For most drug companies, completing Phase III clinical trial enrollment is its own reward. In the case of Eyetech Pharmaceuticals Inc., however, the achievement was also worth an extra $54.2 million from its venture capital backers.
Last August, Eyetech closed a $108.4 million round of venture capital funding, which stands as the market’s fourth-largest biopharma deal to date (See PE Week, 8/13/01). The Series C infusion was split into two tranches, with Eyetech immediately receiving half the committed capital. The second half was predicated on the New York-based company signing up at least 1,080 patients for Phase III trials on its Macugen antibody, even though it hadn’t yet even completed Phase II testing.
“Investors were willing to give us cash up front because they were excited by the technology, but I think the enrollment milestone criteria was put in place to make sure everything was following a strict timeline,” says David Guyer, co-founder and chief executive of Eyetech.
Not only did the company hit its mark and trigger the $54.2 million second tranche, but it actually oversubscribed its enrollment with 1,196 patients and finished the task ahead of schedule. Now all that’s left is carrying out the testing in order to improve efficacy and safety of a product that could vastly reduce the number of people suffering from age-related vision loss.
Each year, approximately 200,000 individuals over the age of 55 are diagnosed with age-related macular degeneration, which can ultimately lead to irreversible blindness. The disease is caused by a dangerous buildup of blood vessels, or angiogenesis, behind the retina that ultimately causes leakage. Eyetech was formed under the belief that this condition is caused by a protein called vascular endothelial growth factor (VEGF, pronounced VEG-F), and that an antibody restricting VEGF growth could, if nothing more, stabilize the angiogenesis.
Macugen is that antibody, and it is given to patients via an injection into the eye’s vitreous humor between the lens and the retina. Of the Phase II trial patients, over 90% reported at least a stabilization of vision loss over a three-month period. Perhaps more importantly, approximately 26% experienced a reversal of blood vessel leakage to the point where their vision was improved by at least three lines.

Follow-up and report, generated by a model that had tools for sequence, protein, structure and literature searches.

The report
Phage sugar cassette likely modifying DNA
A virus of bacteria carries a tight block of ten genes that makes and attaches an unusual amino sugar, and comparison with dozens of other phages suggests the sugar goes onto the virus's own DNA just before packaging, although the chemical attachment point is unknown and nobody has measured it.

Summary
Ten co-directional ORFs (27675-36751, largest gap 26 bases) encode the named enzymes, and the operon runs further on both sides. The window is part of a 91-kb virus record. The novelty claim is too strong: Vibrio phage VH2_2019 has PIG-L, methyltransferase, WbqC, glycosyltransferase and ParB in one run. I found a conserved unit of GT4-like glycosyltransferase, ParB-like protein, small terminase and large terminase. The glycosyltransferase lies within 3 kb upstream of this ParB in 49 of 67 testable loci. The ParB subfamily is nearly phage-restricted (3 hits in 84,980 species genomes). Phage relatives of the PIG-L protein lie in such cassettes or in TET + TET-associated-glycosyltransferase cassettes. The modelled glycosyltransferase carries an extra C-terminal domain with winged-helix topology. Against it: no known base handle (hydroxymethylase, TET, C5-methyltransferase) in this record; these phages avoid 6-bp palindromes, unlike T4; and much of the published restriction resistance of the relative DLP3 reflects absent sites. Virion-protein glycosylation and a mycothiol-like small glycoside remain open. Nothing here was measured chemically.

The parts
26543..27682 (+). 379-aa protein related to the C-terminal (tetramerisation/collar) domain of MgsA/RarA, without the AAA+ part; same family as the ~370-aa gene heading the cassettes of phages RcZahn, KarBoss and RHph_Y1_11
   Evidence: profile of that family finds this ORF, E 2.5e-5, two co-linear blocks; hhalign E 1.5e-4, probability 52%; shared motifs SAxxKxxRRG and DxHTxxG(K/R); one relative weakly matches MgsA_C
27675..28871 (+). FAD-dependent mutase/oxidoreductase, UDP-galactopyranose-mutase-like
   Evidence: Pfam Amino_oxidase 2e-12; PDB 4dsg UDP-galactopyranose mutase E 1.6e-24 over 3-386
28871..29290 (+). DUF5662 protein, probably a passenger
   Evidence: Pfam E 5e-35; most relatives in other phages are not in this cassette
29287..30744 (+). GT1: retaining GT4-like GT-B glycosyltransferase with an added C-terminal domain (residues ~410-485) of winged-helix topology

“People think of our anti-VEGF compound as being anti-angiogenesis, but it also has anti-permeability properties,” Guyer explains. “What this means is that the sub-retinal fluids are reabsorbed by the drug, and then the photo receptors which are still alive kick back in and go back to work.”
The company plans to have its product on the market by 2004, in part thanks to an FDA decision to fast-track Macugen.
As for future venture funding, Eyetech has no plans to do anything but eventually begin scouting the public markets. Moreover, the company has no interest in being an acquired, even though it would be a tempting target for many big pharma players.
“Our mission is to be a complete company dedicated to the back of the eye, and management and the board are united to doing it ourselves,” Guyer says.
JPMorgan Partners led the now-completed Series C deal with a total commitment of $25 million. Each participating firm had its investment split evenly between the two tranches. Other investors included first-timers BB Biotech, MPM Capital, Alta Partners and existing backers Merrill Lynch and Schroder Ventures.
Eyetech received a post-money valuation of $200 million as part of the funding. To date, it has raised over $142 million.
Contact Dan Primack